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Sunday, March 11, 2007

Strange Encounters of the Arranged Kind - 3

I was truly impressed with this one, until...

When you're single, just about everyone is "looking out" for you. That they know next to nothing about you is a different thing. They only "mean well".

My cousin who is old enough to be my mother, had married off her two children and was focusing on getting me married. This incident dates back to about 2002-03. My cousin met a lady whom she knew quite well at a wedding. And the lady told her that she had an eligible bachelor son and she wasn't able to find a suitable bride for him. The "boy" in question was, indeed, most eligible. For a guy who was ranked among the top 10 in the IIT JEE exam that year had chosen to follow his heart and not the herd. That really impressed me.

He and I started exchanging some mails, started chatting, and soon he was in India and decided to come and meet me. A down to earth guy who did a lot of things on impulse, including making the decision to meet me. A post doc fellow in the US traveled in an unreserved compartment to Chennai simply because he didn't get a reservation on a weekend and he'd decided to meet me.

We met, talked, I even took him home to meet my parents, we spent an evening at the beach and he left for the station after dinner. We hit it off quite well. I was certain that despite the distance, if it had to work, it would. But there was no "love" or anything. After three months of regular correspondence (and by regular, I mean fortnightly), our man made a profound statement. "I am in the US and you are in India, I am not sure how we will work this marriage thing out." And I thought... if you didn't think I was the one for you, why couldn't you tell me directly? We knew right from the start that we were in different continents.

At that point I found myself thinking that it's a good thing that it didn't work out. No, it's not a question of sour grapes or anything, it is just that it feels good to get a sign beforehand. Imagine if we had gone ahead and if later on I'd come to know that he cannot confront a problem or talk about it. To think that with all that education, no one teaches us life skills. To the world, he was the title of Vikram Seth's novel. To me, he was another one who left an impression strong enough for me to blog about him 4 years later.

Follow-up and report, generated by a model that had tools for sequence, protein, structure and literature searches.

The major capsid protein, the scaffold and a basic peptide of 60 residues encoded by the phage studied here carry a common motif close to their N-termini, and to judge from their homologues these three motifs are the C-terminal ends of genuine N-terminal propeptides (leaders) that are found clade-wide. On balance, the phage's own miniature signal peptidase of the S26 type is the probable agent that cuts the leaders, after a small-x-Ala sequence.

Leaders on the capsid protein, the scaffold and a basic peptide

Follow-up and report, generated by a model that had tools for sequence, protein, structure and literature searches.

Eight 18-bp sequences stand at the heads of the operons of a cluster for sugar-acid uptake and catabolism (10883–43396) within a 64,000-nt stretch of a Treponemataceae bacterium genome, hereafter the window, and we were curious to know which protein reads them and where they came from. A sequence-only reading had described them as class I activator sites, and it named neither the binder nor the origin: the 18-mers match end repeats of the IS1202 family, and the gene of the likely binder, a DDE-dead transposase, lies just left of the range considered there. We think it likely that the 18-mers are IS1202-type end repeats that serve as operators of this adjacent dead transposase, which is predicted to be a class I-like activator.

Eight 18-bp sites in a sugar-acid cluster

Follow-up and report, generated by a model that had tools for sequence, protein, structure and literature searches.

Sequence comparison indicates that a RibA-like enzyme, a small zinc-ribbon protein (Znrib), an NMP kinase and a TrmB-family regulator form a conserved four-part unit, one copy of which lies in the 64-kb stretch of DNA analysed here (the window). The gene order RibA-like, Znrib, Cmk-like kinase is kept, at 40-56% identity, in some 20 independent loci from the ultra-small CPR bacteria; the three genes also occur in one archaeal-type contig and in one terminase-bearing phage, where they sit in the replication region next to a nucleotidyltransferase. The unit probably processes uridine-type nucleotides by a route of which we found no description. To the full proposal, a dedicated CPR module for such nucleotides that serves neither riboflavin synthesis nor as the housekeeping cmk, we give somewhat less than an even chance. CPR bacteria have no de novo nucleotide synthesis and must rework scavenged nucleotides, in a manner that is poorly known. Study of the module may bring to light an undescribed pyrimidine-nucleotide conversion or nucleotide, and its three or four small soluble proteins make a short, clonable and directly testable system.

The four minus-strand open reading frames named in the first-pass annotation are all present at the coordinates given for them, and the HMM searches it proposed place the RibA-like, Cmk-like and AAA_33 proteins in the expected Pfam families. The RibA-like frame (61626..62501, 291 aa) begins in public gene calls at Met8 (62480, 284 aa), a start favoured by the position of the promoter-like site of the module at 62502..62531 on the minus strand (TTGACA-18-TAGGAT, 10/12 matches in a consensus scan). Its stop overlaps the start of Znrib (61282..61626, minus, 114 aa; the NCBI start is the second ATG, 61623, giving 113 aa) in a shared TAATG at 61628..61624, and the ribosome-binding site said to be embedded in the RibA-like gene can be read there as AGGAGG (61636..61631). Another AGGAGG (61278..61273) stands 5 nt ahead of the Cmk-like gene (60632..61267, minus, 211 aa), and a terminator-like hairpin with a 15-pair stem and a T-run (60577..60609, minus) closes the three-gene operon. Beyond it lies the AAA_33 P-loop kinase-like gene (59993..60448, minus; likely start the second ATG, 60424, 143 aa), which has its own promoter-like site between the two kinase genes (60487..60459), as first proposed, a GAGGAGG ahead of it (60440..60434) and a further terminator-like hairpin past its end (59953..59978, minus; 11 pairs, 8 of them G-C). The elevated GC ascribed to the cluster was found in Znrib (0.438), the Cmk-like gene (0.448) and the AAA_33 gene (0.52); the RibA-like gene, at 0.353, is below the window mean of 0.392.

6 comments:

janani said...

:) strange indeed...It is indeed interesting to know people with "different" mindsets...you learn from them about how NOT to be..

Raaga said...

yes... sometimes I tell my mom... I don't know how I will be when I grow old...but I sure know I wouldn't want to be like this, or that... or like someone else.

Pritika said...

Yes i can identify with this incident. instead of laying out excuses (we know they're excuses), some people can't come out with the truth. I think guys are afriad of hurting us, which is why a vast majority of them don't call when they say they will after a first date, or can't bring themselves to say, "i don't think we'd be right for each other" instead of citing a lack of time, excessive distance, or a fright from commitment as 'valid reasons' for discontinuing correspondence. I would much rather appreciate the truth - gently though!

Raaga said...

Yeah Pritika... I'm a tell-it-like-it-is girl and kind of expect the same from everyone :)

G'man said...

You know, this blog and the responses have freaked me out a bit.. Are you all saying that a bit of politeness is bad? Or what if he really thought that a long distance thing was not right for him? I mean, it does take a trial to realise if it is going to work or not..

For all you know, he was telling the truth, and not giving an excuse.. Or did I miss something?

Raaga said...

I think the point here is that if he wasn't up to long distance relationships, he could have said that, or he could have said that I wasn't the one... or there were a thousand other ways of resolving this than to state the obvious as a wishy washy excuse. This isn't about politeness G'man. Polite and nice are what we are to strangers. If you want to court someone and not insult their intelligence later on, I think a bit of real talk is necessary.